(work in progress)
The foamy water in the bowl bubbled the skin from her hands and lower arms. The heat rendered itself into agony as she succumbed to the first waves of excruciating pain. She remained silent. Pursing her lips, clenching her teeth, and screwing her eyes tight. She would not whimper, squeal, or cry out. She would give him nothing about which to comment.
She removed her hands from the water, the suds continuing to scorch as she dripped onto the dishes below. Her smoked salmon limbs, scalded from just below the elbow, glowered and burnt. She held her screams inside. She was not willing to hear his mocking tone, his little three-word ditty.
Holding the tea towels under the cold tap for a few seconds, she knew she would feel relief before long. She leant on the draining board and wrapped the cool cloths around her seared arms. This was a tender swaddling process as her every nerve ending jangled at the merest brush against her shocked tissue. She exhaled, controlling her breath, a muted hiss puffed through her half open lips. Her stinging extremities cooled, still delivering harsh, burning pain every few moments. The time for screaming had passed though; for that she was grateful.
Turning from the sink, she checked the contents of the tray. Sandwich, coffee, biscuits, and an apricot – everything was in place. She gently unwound the tea towels and rolled down her sleeves, lifting the tray on her way past.
Padding along the hallway, her slippers made soft scuffs on the carpet beneath her feet. It was not really the sound of footsteps, more like the sound of clouds bumping into marshmallows. She smiled. Maybe she lived in a children’s show where all the noises were funny, and nothing ever went bang. There would certainly be no screaming or the sound of hammer on flesh.
She stopped smiling.
As she stepped into the lounge, she saw him in his full glory. He half-sat, half-slouched in his recliner; his cotton shirt had ridden up, exposing the fleshy belly of someone who was fond of the high life. His tight waistband pinched him in half, demonstrating that his epicurean lifestyle also demanded considerable investment in maintaining his fitness. The only short cut to Hedonism was through the dangerous valley of the glutton. It looked like he had ridden straight through it on a horse named Fat Bastard. She stifled a snort. Not now, no noise now. She was tired and needed to get to bed.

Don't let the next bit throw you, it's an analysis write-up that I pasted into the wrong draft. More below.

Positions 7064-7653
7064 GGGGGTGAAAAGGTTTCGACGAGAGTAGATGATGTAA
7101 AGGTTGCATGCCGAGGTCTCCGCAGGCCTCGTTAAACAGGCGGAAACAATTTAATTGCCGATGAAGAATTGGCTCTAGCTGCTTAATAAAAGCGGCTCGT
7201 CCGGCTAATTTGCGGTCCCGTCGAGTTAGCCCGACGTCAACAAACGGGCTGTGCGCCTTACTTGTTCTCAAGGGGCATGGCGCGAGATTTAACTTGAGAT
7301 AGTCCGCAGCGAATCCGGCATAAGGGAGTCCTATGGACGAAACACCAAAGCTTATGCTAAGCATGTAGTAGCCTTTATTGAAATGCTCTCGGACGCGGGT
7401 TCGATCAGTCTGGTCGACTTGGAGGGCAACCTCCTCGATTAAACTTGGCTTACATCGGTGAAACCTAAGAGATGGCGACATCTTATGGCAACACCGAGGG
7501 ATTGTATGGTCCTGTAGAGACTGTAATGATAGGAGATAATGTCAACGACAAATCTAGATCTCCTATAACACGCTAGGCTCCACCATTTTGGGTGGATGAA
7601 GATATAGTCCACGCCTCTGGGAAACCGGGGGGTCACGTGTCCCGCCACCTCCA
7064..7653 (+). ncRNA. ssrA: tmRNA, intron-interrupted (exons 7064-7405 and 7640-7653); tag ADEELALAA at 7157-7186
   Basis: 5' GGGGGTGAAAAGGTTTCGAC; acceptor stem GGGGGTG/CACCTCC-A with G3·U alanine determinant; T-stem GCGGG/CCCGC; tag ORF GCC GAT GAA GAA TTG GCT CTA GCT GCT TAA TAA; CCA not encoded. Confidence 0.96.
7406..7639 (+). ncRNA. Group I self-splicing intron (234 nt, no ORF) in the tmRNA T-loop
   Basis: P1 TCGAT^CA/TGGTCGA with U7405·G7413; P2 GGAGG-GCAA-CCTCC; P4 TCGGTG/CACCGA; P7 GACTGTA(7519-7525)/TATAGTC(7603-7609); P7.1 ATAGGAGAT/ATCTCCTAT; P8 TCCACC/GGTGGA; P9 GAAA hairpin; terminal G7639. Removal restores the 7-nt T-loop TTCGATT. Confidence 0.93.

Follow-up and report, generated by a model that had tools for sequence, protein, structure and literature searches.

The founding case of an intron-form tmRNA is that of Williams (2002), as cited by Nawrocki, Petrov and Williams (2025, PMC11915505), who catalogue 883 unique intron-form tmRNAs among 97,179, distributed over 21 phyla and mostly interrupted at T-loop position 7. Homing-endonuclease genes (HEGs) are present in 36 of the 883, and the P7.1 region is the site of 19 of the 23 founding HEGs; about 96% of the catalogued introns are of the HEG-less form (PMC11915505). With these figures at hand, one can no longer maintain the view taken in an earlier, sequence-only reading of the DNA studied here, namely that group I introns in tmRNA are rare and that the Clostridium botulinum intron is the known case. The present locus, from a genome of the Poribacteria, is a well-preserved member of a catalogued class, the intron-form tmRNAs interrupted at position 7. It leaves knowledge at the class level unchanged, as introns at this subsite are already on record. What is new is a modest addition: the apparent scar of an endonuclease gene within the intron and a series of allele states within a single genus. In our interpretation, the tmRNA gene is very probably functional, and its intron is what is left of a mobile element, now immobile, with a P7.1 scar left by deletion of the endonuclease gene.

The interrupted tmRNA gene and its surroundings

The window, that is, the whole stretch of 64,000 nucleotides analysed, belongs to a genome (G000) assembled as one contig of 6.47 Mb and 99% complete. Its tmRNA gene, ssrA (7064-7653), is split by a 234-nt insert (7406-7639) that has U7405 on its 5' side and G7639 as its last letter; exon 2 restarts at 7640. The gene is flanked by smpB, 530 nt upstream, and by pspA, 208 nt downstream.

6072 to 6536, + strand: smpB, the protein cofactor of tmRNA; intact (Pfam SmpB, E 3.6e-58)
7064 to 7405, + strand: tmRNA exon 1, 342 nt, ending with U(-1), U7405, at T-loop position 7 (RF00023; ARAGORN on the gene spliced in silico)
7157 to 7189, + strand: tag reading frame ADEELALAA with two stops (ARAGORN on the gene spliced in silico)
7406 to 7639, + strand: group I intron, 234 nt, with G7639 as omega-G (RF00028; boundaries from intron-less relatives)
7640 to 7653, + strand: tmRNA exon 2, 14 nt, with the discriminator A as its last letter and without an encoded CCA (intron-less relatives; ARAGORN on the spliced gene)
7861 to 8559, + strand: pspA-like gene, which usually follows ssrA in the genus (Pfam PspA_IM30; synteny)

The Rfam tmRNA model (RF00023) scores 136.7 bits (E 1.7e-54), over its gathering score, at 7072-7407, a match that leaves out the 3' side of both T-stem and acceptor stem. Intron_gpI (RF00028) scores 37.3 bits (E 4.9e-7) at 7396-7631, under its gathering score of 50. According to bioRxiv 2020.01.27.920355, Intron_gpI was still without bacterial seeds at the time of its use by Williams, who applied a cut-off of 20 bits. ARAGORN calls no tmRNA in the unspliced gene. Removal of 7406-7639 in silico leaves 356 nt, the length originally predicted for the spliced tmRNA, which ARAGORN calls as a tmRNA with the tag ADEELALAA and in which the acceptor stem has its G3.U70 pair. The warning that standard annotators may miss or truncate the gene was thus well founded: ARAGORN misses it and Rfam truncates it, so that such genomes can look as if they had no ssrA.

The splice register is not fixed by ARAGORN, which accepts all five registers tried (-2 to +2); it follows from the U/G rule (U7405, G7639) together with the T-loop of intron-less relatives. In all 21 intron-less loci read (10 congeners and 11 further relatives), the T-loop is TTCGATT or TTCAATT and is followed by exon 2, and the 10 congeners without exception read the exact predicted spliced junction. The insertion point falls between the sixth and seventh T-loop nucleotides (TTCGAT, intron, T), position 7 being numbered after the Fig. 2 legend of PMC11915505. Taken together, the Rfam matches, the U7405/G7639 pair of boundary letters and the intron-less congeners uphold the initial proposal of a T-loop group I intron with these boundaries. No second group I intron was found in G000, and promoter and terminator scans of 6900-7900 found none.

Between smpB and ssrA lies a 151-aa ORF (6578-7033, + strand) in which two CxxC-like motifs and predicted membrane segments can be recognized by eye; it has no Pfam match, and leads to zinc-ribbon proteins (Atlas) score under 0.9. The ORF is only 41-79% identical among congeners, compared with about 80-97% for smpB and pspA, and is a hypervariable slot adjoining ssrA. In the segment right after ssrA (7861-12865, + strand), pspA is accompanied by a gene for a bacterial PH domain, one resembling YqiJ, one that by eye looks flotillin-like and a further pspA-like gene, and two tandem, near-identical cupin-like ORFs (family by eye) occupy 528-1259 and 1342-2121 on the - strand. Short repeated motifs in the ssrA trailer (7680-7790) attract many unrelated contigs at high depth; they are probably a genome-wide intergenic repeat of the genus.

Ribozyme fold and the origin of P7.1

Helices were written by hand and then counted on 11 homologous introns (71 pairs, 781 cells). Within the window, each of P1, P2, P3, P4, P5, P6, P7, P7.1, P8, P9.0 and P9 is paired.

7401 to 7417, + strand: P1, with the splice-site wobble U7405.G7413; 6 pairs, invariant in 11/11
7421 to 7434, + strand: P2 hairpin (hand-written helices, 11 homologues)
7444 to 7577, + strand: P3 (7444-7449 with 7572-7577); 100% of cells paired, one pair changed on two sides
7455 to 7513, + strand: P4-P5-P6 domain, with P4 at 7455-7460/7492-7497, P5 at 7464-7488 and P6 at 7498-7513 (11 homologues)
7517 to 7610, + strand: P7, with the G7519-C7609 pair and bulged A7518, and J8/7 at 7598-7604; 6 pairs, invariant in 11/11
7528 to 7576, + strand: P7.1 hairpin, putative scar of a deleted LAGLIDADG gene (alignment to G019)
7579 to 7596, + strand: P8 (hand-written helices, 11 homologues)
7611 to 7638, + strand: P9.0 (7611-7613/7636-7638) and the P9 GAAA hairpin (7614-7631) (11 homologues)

She quietly placed the tray on the small table next his chair. Carefully removing the empty cup without making a sound. He was engrossed in something on the television, the subtitles on and the volume muted. Why would she expect any different? His pudgy hand reached towards the tray and found a sandwich. He conveyed it to his gaping maw, teeth already grinding before the food had entered the chewing area.
She felt a slight gagging sensation: there was bile working its way up to her mouth. She had to get out of the room. Get out before she dry heaved, or worse, vomited. Turning swiftly, she clutched the empty cup to her chest and padded out of the room. She quietly pulled the door behind her but was careful not to make the final click of closure. Upon reaching the safety of her kitchen, she allowed herself a little gasp as she fought to regain control of her errant stomach. She breathed heavily. The water might still be hot enough to help her calm down.
No, she was not doing that again tonight. She could wait until tomorrow for relief. He had been and she was out of the room. She checked the kitchen clock. It was almost nine. A couple of minutes to wash the plates then she was done for the night. She could be in her own world until the morning.
Cleaning the few cups in the cooling sink, she quietly stood them on the draining board. The wall clock said that it had past nine. There was no chime of course, no ticking sound either. Even time ran silently in this house. However, the clock told the story, it didn’t matter, it was past nine and she could go. She turned to the back door and picked up her bag that she had already prepared, ready to leave. Changing into her shoes and putting her slippers to the side she stepped forward. Cautiously, she turned the handle. She was ready to hear him shout any second now.
Those three words that made her brain curl in on itself and brought blood to her face.
Any second now.
She opened the door, picked up her bag and stepped out into the cool night air. The sound of her shoes rang across the back yard. Suddenly she could hear every piece of grit and stone that she turned over. The buzz from a passing mosquito caused her to gasp. Straightening herself and shaking off her trepidation, she gently pulled the door shut behind her. This time she allowed it to click shut.
She was outside now, silence no longer held her prisoner.